‘Away now’ he said, ‘Into the far places and breed together. Come back in a year.’

The boar and the sow ran off into the trees. They snouted for worms and coupled in muddy wallows.

On a morning the next spring Math son of Mythonwy was pacing in his chamber. He was pulling at his hair and fretting for he still had no lap-virgin to caress his feet and calm the fires in his blood. He paused when he heard all the dogs in the fortress suddenly breaking into a howling, barking chorus. Then he heard his men all rattling their shields and spears. Math went outside wearing only his shirt. His beard was wild. ‘What now?’ he asked.

‘A large boar and a sow are trotting towards the walls lord,’ replied one of his soldiers. ‘And behind them is one striped piglet.’

Math ordered his gates to be opened. He stood under the lintel and his voice was like a tree falling across bracken. ‘Fetch me that piglet.’ It squealed and struggled but when Math laid his dark wand on its brow it became a sturdy boy with auburn hair. ‘Well, I will take this boy and see that he is fostered to a generous man.’ He turned to the boar and the sow. ‘I will call him Hychdwn and you will never see him again.’ There was a look almost of anguish in the eyes of the two animals. But if they thought their trial was at an end they were mistaken. ‘As for you,’ roared Math son of Mathonwy, ‘Stand still.’ He walked out into the pasture and held his wand between them. ‘Let me see…you who are a boar will go into a silver she-wolf. You who were a sow will go into a grey wolf.’ In an instant they were transformed.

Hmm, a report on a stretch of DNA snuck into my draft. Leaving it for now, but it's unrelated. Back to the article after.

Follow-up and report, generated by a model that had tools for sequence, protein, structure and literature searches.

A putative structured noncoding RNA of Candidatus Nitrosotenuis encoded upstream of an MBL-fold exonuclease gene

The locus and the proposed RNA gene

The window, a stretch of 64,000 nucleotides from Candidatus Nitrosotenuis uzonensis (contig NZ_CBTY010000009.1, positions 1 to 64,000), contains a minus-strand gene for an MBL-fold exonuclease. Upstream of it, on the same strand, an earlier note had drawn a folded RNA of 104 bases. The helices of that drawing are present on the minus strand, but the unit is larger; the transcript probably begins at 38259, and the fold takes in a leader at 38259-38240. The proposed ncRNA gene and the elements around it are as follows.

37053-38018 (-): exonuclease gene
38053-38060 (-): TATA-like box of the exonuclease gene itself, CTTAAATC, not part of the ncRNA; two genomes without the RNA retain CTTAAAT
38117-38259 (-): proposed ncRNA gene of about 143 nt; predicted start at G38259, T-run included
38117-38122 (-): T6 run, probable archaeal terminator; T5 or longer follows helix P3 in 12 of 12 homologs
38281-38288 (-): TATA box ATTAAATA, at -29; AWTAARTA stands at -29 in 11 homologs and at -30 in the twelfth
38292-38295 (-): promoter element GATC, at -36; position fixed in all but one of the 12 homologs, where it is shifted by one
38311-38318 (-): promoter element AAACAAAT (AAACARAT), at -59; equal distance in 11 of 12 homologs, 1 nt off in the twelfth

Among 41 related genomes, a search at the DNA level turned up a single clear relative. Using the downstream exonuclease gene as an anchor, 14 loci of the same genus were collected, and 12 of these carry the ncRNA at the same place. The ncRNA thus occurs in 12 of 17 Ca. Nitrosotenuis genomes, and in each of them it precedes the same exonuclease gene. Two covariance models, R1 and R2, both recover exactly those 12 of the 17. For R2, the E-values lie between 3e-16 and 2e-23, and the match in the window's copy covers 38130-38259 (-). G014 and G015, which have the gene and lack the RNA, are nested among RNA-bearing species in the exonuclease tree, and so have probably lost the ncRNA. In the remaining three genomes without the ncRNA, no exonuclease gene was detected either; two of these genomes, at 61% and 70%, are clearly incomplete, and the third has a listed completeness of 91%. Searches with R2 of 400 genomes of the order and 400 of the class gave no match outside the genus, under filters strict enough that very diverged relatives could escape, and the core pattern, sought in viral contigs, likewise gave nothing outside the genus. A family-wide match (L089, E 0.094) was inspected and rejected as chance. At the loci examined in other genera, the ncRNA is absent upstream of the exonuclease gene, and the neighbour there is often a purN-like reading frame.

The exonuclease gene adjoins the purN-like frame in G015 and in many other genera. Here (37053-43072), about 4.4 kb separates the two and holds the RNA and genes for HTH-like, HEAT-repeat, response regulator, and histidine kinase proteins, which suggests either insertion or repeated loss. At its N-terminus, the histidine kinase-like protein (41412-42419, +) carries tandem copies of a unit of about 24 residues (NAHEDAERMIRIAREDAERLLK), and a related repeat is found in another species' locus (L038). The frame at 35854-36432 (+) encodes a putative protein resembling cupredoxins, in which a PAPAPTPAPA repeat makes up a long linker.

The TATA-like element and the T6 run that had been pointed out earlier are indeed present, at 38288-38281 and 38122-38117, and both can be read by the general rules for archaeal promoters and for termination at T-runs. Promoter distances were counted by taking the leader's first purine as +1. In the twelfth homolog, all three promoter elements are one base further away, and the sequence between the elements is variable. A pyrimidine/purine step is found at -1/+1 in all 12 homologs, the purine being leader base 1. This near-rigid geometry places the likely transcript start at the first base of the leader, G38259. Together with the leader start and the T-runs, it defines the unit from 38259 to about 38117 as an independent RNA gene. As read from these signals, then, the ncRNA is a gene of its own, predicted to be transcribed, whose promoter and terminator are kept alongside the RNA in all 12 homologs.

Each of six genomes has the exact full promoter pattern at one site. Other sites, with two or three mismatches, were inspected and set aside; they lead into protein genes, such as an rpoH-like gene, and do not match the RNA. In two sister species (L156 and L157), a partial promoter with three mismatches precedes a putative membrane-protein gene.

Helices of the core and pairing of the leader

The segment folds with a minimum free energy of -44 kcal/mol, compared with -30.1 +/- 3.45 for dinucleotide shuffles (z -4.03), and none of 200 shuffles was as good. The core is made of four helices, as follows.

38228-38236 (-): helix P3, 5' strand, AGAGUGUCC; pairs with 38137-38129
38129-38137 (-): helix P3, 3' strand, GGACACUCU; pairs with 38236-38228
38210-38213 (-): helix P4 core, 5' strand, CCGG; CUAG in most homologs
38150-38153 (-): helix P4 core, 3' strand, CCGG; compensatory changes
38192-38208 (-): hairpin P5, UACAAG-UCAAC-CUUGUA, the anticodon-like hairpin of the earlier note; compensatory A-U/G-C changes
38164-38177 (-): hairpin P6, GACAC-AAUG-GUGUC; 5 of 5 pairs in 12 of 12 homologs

‘Off now up into the mountains and breed with each other. Return to my walls in a year.’ The two wolves loped quickly away to the heights where the forest does not climb.

In the crags and coombs the wolves hunted for hares. Under the full moon they yipped and trembled against each other in manner of mating dogs.